Inslee OKs prepaid ballot postage for entire state

SEATTLE  — Washington Gov. Jay Inslee and Secretary of State Kim Wyman said Tuesday that Washington state will pay for prepaid postage on mail-in ballots in this year's primary and general elections in an attempt to boost turnout — but not for voters in King County, where local officials approved their own measure last week.

The decision Tuesday came at Wyman's request and was prompted by King County's plans. Wyman said it would be unfair if voters in the most populous county could mail their ballots for free while those elsewhere had to pay for stamps, and she asked Inslee to let her spend nearly $2 million to reimburse all 39 counties on prepaid postage this year.

Instead, she and the governor issued a statement saying their offices could each come up with $600,000 — enough to reimburse all counties except King, where roughly one-third of Washington's registered voters live, and where the County Council voted last week to spend $381,000 for the prepaid postage.

They said they'll ask the Legislature next year to reimburse King County — and to make Washington the first state with a permanent prepaid ballot program.

"More voter participation makes for a stronger democracy," Inslee said. "Because Washington is a vote-by-mail state, pre-paid postage is one important way we can reduce barriers to casting ballots."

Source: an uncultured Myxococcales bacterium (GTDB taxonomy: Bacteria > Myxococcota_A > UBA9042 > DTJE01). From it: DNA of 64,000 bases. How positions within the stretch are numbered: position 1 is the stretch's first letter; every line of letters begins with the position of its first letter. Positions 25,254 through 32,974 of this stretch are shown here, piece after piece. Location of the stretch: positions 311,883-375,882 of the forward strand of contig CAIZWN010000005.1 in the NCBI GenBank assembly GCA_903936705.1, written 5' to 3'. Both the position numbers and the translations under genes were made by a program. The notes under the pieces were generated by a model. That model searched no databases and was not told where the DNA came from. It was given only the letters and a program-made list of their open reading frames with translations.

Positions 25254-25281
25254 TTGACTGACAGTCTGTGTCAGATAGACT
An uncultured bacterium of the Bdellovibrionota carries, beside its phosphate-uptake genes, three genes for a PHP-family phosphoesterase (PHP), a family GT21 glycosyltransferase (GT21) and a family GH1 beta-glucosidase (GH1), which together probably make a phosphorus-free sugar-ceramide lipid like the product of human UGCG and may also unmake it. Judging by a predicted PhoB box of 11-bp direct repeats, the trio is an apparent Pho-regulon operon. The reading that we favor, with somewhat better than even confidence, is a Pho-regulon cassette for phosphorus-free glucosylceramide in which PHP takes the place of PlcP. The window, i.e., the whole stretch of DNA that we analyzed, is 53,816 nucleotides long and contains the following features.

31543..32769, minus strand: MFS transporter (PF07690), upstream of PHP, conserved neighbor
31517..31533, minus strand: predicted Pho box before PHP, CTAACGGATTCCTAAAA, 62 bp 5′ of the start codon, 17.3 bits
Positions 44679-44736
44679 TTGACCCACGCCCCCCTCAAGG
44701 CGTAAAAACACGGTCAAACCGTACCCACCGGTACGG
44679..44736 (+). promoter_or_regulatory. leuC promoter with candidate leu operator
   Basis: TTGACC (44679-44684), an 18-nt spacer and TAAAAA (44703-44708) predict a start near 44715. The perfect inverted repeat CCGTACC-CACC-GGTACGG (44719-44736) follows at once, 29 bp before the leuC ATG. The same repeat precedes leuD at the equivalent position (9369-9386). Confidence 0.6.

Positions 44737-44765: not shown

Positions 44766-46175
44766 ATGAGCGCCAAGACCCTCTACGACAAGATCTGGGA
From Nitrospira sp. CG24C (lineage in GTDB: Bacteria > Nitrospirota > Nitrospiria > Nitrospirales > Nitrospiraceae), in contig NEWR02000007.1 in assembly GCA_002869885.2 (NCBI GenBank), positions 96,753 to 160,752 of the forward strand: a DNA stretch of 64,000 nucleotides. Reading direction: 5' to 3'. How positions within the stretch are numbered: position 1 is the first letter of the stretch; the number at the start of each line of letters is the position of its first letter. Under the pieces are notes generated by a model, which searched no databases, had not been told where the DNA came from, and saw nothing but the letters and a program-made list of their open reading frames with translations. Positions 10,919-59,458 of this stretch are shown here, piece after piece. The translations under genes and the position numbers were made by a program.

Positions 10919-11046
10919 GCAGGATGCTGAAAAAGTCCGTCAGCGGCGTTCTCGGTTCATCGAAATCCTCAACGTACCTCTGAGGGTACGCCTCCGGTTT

The decision to exclude King County from immediate reimbursement infuriated its officials. In a joint statement, county Executive Dow Constantine, Council Chair Joe McDermott and Elections Director Julie Wise said: "We are proud that our leadership spurred statewide action to increase voting access across Washington. However, the decision to exclude King County — and only King County — from the state reimbursement plan for prepaid ballot postage is grossly unfair."

They said the county's residents contribute a disproportionate share of the state's budget, and that if the state cannot afford to reimburse all counties for ballot postage, it should provide a per-voter subsidy statewide.

McDermott said he had little faith the Legislature would pony up money for the county's costs next year.

"It's a game of roulette to go to the Legislature and ask for reimbursement after the fact," he said.

He also noted that the decision would affect cities and school districts within King County, because smaller jurisdictions with local elections — for school board or city council, for example — share ballot costs with the county.

Washington has taken several steps recently to improve voter turnout. Earlier this year, the Legislature approved automatic voter registration, in-person registration on election days, and a program to pre-register 16- and 17-year-olds to vote.

While voter participation in the state approached 79 percent during the presidential election year in 2016, last year's turnout statewide was 37 percent.

Nearly 600 offices are in play in Washington this year, including that of Democratic U.S. Sen. Maria Cantwell, all 10 U.S. representatives, more than 120 seats in the Legislature and three state Supreme Court seats.

Greg Kimsey, the elected auditor in Southwest Washington's Clark County, said he wasn't convinced that prepaid ballot postage would boost turnout, but he said he supports the plan nevertheless.

"Increasingly, people are just not accustomed to using the post office," he said. "My children, who are in their 20s — I think it's been a long time since they've put a stamp on an envelope and put it in the mailbox."